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  • Jen McGivney

4 Ways You Can Help the Bees This Summer

Gaston County is becoming one of the country’s most bee-friendly counties. Want to help? We’ve got ideas.

North Carolina has more Bee Cities USA than any other state, and two are here in Gaston County: Mount Holly and Gastonia. Both cities have pledged to raise awareness about the vital role that bees and other pollinators play in our environment and our economy, and they’ve committed to practices that create sustainable habitats.

Gaston County isn’t stopping there, however. Belmont and Bessemer City are working toward Bee City USA designations as well. Burton Beasley, the aptly named president of the Gaston County Beekeepers Association, hopes that Gaston County will go on to become the first Bee County USA.

Why Bees (and Other Pollinators) Are So Important

Healthy bees mean healthy plants. Healthy plants mean healthy foods, healthy people, healthy ecosystems, and even healthy bottom lines. Bee pollination contributes about $15 billion annually to the U.S. farming industry. In Gaston County, the impacts of creating sustainable bee habitats are felt close to home: in local businesses that offer sustainable landscaping and lawncare, and in restaurants and markets that rely upon local crops.

“[Bees] have become a major point in the farm to table movement, knowing where our food comes from and the important role that pollinators play in the production of many of the foods we enjoy each day,” Beasley says.

Gaston County Beekeepers Association
Members of the Gaston County Beekeepers Association

How You Can Help the Bees

A bee-friendly county requires lots of help, however. What can you do to contribute to Gaston County’s reputation as a bee-friendly county? We’ve got ideas.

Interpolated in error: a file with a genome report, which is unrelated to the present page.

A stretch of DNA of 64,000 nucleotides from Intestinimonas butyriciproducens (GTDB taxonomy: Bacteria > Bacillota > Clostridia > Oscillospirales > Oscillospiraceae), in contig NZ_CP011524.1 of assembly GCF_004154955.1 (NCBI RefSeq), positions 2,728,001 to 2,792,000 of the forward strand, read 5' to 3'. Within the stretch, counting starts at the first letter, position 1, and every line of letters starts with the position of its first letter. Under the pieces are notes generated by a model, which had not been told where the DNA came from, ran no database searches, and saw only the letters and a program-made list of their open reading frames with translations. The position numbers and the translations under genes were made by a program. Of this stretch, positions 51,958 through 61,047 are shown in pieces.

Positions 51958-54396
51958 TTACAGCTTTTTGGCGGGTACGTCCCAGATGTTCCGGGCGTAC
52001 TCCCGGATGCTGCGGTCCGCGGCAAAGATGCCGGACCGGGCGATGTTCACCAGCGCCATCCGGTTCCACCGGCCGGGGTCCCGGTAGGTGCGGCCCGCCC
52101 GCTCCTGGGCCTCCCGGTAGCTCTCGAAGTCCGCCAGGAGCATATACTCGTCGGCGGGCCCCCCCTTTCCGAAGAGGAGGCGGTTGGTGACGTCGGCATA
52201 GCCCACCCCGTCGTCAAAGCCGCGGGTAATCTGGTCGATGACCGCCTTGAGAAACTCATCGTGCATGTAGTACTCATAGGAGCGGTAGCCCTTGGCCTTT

As you prepare your lawn and garden for summer, Beasley offers tips to help you to help the bees:

1. Grow pollinator plants. Plant a mix of wildflowers to create a bee-friendly habitat in your yard. In addition, Beasley recommends flowering herbs like purple basil, lavender, rosemary, coneflowers, and—of course—bee balm. A bonus? These flowers also attract other pollinators like butterflies and hummingbirds.

2. Limit the use of pesticides and herbicides. If you must use pest control, find natural and organic alternatives, and spray at night when pollinators are less active. Or instead of treatment, try prevention: to minimize mosquitos, limit standing water, trim high grass, and treat bird bath water with BT (bacillus thuringiensis); to protect your garden from pests, bring ladybugs in to do the job.

3. Make friends with the bees. March through June is swarm season. If you find a swarm, contact a beekeeper who can help you relocate honeybees from your property safely.

4. Find your hive. The Gaston County Beekeepers Association has more than 200 members, and it offers educational events open to the community. It also offers a bee school several times a year for people who are interested in keeping their own honeybees or even just to learn a little more about them. Connect with GCBA on Facebook to learn more.

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